Things have changed so much that it’s hard to even know where to begin. The last time I walked through Ola During Children’s Hospital, a year and a half ago, all I could see were broken systems, missing equipment, disenfranchised healthcare workers, and dying children. I left Sierra Leone feeling frustrated and somewhat defeated after a year of battling what felt like insurmountable challenges.
Now, the seeds we planted have finally taken root, sprouted, and begun to blossom. All of the pieces are coming together. Government, donors, hospital staff, other NGOs – everyone seems to be working with a level of energy that I’ve never seen before. It’s truly breathtaking.
You enter the newly paved hospital compound, and first are struck by the construction activity which surrounds the entire campus. The feeding center for severely malnourished children has been de-roofed and will soon acquire a second story. VIP latrines are being built around the back of the hospital. Bricks are being laid for the new staff canteen. The main hospital facade gleams with a fresh coat of white paint.
Inside, the changes are even more dramatic. Women and children fill the benches in the registration and triage area. Gone are the days when mothers carrying sick babies would enter a deserted hospital, desperately find their way up to the wards and be forced to beg and bribe for medical attention. Back then, untold numbers of children died without being seen by a doctor, without so much as an IV in place. No record existed of them ever having entered the hospital, having suffered, died. Today, every single child who enters the hospital is registered with a unique patient number, is measured, weighed and has vital signs taken by specially-trained nursing staff.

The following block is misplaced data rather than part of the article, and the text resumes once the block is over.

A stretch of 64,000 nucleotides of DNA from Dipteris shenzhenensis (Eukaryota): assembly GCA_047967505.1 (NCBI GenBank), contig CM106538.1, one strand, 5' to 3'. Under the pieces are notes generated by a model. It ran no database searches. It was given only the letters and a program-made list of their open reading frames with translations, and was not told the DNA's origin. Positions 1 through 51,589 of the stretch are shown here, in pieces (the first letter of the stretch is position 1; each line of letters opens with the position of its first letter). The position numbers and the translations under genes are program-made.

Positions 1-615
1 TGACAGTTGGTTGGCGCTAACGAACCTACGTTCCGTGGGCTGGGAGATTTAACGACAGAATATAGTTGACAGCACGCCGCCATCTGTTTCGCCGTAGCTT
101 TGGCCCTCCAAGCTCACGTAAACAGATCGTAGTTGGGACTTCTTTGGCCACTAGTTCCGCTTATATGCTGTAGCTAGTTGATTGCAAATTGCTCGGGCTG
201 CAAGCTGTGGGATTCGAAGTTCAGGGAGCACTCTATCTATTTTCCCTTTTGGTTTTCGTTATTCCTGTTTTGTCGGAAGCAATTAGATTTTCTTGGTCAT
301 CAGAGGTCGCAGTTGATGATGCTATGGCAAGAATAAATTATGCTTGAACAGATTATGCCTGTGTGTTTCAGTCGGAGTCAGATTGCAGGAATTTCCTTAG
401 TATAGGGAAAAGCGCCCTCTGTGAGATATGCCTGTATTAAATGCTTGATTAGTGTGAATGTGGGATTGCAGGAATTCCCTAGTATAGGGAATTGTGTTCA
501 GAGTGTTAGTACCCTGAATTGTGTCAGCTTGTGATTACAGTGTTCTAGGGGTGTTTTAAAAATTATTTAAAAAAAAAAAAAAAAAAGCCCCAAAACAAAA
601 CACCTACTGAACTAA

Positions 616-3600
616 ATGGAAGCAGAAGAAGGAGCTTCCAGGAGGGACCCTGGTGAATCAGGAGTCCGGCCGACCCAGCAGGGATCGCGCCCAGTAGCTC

The sickest kids go directly to the emergency room, where children lie two to a bed receiving timely care of a quality that is rarely found elsewhere in Sierra Leone. We now have oxygen concentrators, enough for many (although by no means all) who require it; a back-up generator so that power outages don’t cost lives; doctors on call in the hospital 24-7 (with comfortable sleeping quarters and recent government salary increases that allow them to devote their time to government service); a free supply of most essential drugs (for which we have the Ministry of Health and the German Emergency NGO, Cap Anamur, to thank); and a more motivated staff to provide much-needed care. Since the removal of user fees for children under the age of 5 in April, hospital numbers have skyrocketed. The place hums with the energy that is being devoted to the business of saving lives.
The Emergency Room in Action
And we do, indeed, save lives.
I remember the days when the hospital mortality rate was upwards of 20%. We will soon publish data which shows that mortality has almost halved, which represents hundreds of lives saved over the past year alone. It’s a compelling argument in favour of free healthcare, targeted interventions to improve the quality of clinical care, collaboration between government and NGOs, and, crucially, the slowly-slowly locally owned approach that we have tried to demonstrate.
Much to celebrate! And, as always, lots more to be done.
Dr. Toyin Ajayi is a Director of the Welbodi Partnership and spent a year in 2008-2009 working as the Medical Coordinator in Freetown. She will spend the next few weeks at Ola During Children’s Hospital and in the surrounding communities, and will be blogging frequently about her experiences.